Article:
Tuesday, January 26, 2016

The Designer Behind "Red"

Designer Ralph Funicello.
SCR and Funicello

Ralph Funicello has designed sets for SCR since 1982. Here are the plays.
  1. Da
  2. Good
  3. Buried Child
  4. Highest Standard of Living
  5. Going for Gold
  6. Speed-the-Plow
  7. Kiss of the Spiderwoman
  8. Happy End
  9. Twelfth Night
  10. The Miser
  11. Hedda Gabler
  12. Dancing at Lughnasa
  13. The Misanthrope
  14. She Stoops to Folly
  15. The Taming of the Shrew
  16. Six Degrees of Separation
  17. Death of a Salesman
  18. Old Times
  19. Misalliance
  20. Private Lives
  21. Tartuffe
  22. The Piano Lesson
  23. The Education of Randy Newman
  24. The Circle
  25. Major Barbara
  26. Safe in Hell
  27. Brooklyn Boy
  28. A View from the Bridge
  29. The Real Thing
  30. Hamlet
  31. Taking Steps
  32. The Happy Ones
  33. Saturn Returns
  34. Misalliance
  35. Elemeno Pea
  36. 4000 Miles
  37. Zealot
  38. Red
It’s a Saturday afternoon and the Segerstrom Stage swarming with activity: props are being carefully put in place; canvas frames are being set against the walls; an Adirondack chair is being positioned in a well of light; high windows are letting “daylight” in. This is the first day of technical rehearsals for John Logan’s Red and the New York City Bowery studio of abstract expressionist artist Mark Rothko is getting its finishing touches.

Sitting near the back of the house, set designer Ralph Funicello looks approvingly at the design for his 38th production at South Coast Repertory. Each design, from his first (Da by Hugh Leonard in 1982 and directed by David Emmes) to Red (also directed by Emmes) has been distinctive and stunning.

For Red, Funicello started his research by poring over the only two photos of Rothko’s Bowery studio. During a wide-ranging conversation, Funicello talked about how he created the Red design, how he originally got into theatre and how he is helping create the next generation of artisans.
Mark Harelik as Mark Rothko on Funicello's set for Red.
Imagining Rothko’s studio: “This Bowery building still exists, it’s an old gymnasium. The interior doors I designed for the set are based on what you can see through the actual building’s main doors. Rothko rented this particular space for the Seagram murals because he needed a large area where he could put all the paintings next to each other. Self-absorbed doesn’t begin to describe him, but, as I read about him, I found that he had a very complex process to make the colors on those canvases vibrate against each other.

The real studio walls were painted a dirty white and he built fake walls, covered them with canvas and attached two-by-fours that had pulleys to raise and lower the paintings and move them around and position them in various ways. David (Emmes) and I decided we didn’t want a white room. We wanted a room that was the color of a Rothko!

In the set, the windows, the pipes, the mural-hanging apparatus, the rolling frame Rothko used to paint on—those are accurate to the original space. Of course, there are various tables for paints and supplies. We even found an old Maxwell House coffee can, the kind you would turn and open with a key.

Designing for the Segerstrom Stage: “One of the challenges of the Segerstrom is that it’s a wide space. For Red, I brought the walls in and then back, so the space feels smaller. I also took things up above, which is a trick I learned here in this wonderful space.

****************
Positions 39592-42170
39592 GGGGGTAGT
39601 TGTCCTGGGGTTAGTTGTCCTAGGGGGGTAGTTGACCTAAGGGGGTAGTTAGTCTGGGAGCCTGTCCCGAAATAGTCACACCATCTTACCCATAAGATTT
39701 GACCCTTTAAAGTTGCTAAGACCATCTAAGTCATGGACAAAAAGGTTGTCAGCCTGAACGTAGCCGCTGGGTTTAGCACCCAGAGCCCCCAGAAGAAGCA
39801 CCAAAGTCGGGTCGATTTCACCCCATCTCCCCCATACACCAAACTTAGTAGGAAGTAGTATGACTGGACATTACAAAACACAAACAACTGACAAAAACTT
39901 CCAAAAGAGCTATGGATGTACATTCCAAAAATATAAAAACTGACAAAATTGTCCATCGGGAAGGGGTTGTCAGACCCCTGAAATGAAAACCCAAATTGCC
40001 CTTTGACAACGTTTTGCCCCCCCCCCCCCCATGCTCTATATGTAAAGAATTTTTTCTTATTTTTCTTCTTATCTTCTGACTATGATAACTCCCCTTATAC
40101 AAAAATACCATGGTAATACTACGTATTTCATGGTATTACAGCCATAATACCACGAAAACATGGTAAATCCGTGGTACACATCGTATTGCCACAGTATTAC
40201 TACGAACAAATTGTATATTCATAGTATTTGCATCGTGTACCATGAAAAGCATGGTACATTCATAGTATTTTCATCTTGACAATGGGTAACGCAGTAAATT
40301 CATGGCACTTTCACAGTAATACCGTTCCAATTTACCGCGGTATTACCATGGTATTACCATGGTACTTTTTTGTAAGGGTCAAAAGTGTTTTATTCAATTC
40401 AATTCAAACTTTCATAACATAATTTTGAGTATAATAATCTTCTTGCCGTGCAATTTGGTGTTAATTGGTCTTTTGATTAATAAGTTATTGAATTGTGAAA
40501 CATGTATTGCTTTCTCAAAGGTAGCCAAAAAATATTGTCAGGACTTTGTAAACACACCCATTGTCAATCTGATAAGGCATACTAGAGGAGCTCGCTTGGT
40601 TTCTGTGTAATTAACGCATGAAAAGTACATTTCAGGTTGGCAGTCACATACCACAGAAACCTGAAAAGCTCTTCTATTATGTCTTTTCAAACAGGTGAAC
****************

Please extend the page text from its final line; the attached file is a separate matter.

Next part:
One thing we wanted to achieve with the design for Red is the idea that you walk into the place where these great paintings were created; there’s an excitement that comes with that. It’s like the line in the play, where someone walks past Rothko’s house and says, ‘I wonder who owns all the Rothkos?’”

Sitting in the audience during previews: “I know that performers are the direct link between the playwright—what s/he is trying to say—and the audience. My design is part of that link. So when I sit and watch a preview, I look for things that could help the performance more: What still needs to be finished? What could help better explain something? Is someone having difficulty because of set or props and what could I do to help? I look with an eye toward problem-solving.

Finding an outlet: “As a child, I had a creative imagination. But then I fell in with the wrong crowd (laughs). In high school, I once stayed after school, attended a meeting of the Drama Club and signed up for the construction crew. My father had been a house carpenter, so I knew how to cut a straight line and bang a nail without bending it, so I became the master carpenter pretty quickly.

What I really love about theatre is the social aspect of it: a group of people can come together and accomplish something incredible.

To say that design changed my life just doesn’t do it justice. I went from being a confused, aimless person to being completely dedicated. I had found something that I loved to do.

Paying it forward: “I studied with Ming Cho Lee at New York University’s School of the Arts. As a teacher, he took a lot of people who came in with their dream to be a designer—and he helped make those dreams come true. When he hired me for work one summer, that’s when I felt I had become a set designer. My other mentor is British set and costume designer Desmond Heeley.

Now as Powell Chair of Set Design at San Diego State University, I’m in the position of helping my students achieve their dreams. I provide them with the stimulation to see what the possibilities are for the worlds they create and then let them find the joy in designing them.”

Find out more about Red, on the Segerstrom Stage (Jan. 22-Feb. 21, 2016).

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